Lee A.,Korea Advanced Institute of Science and Technology | So S.M.,Diaminopharm Inc. | Lough A.J.,University of Toronto | Kim H.,Korea Advanced Institute of Science and Technology | And 2 more authors.
Asian Journal of Organic Chemistry

"Mother diamine" (MD) or 1,2-bis(2-hydroxy-phenyl)ethylenediamine can be rapidly transformed to a wide variety of chiral ligands including vicinal diamines and analogs of binol (MDdiol), binap (MDdiphos), and monophos (MDphos). The reactivity and stereoselectivity of the MDphos ligands in Rh-catalyzed hydrogenation are highly sensitive to the N,N'-dialkyl substituents. © 2014 Wiley-VCH Verlag GmbH & Co. Source

Chin J.,University of Toronto | Chin J.,Diaminopharm Inc. | Kwon S.H.,University of Toronto | Kwon S.H.,Seoul National University | And 4 more authors.
European Journal of Organic Chemistry

γ,δ-Diamino acid structural motifs are commonly found in bioactive molecules.We report a one-pot reaction for the synthesis of γ,δ-diimino esters with two adjacent chiral centers in enantiomerically pure form through diaza-Cope rearrangement reaction of diimines formed from (R,R)-1,2-bis(2-hydroxyphenyl)-1,2-diaminoethane (hpen) and alde-hydes. DFT computation provides interesting insights into the stereospecific rearrangement reaction. The crystal structure of a product diimine formed from the reaction of (R,R)-hpen and 2,6-dichlorobenzaldehyde shows that the reaction gives the product diimine in S,S configuration. © 2014 Wiley-VCH Verlag GmbH & Co. KGaA, Weinheim. Source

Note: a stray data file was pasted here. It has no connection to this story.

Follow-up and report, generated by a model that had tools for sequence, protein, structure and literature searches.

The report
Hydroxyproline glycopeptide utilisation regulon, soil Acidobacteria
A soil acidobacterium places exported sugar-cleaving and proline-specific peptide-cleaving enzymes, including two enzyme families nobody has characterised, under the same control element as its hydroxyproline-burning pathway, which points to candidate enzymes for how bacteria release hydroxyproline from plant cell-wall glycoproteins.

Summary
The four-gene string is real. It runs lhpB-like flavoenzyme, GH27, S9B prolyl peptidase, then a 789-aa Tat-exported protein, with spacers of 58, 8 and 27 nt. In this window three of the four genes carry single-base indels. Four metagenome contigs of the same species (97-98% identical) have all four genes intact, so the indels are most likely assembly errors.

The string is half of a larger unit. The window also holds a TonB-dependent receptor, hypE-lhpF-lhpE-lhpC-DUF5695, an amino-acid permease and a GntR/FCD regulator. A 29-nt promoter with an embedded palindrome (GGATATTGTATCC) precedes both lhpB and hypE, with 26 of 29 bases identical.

Chin J.,University of Toronto | Chin J.,Diaminopharm Inc. | Kwon S.H.,University of Toronto | Kwon S.H.,Seoul National University | And 5 more authors.
Organic and Biomolecular Chemistry

Reaction between 1,2-bis(2-hydroxyphenyl)-ethylenediamine (hpen) and methyl pyruvate gives the diaza-Cope rearrangement product with good yield and excellent stereospecificity. The product containing two chiral quaternary carbon centers is characterized by high performance liquid chromatography and X-ray crystallography. DFT computation provides insight into why the diaza-Cope rearrangement takes place readily with methyl pyruvate but not with other ketones like acetone and substituted acetophenones. © 2013 The Royal Society of Chemistry. Source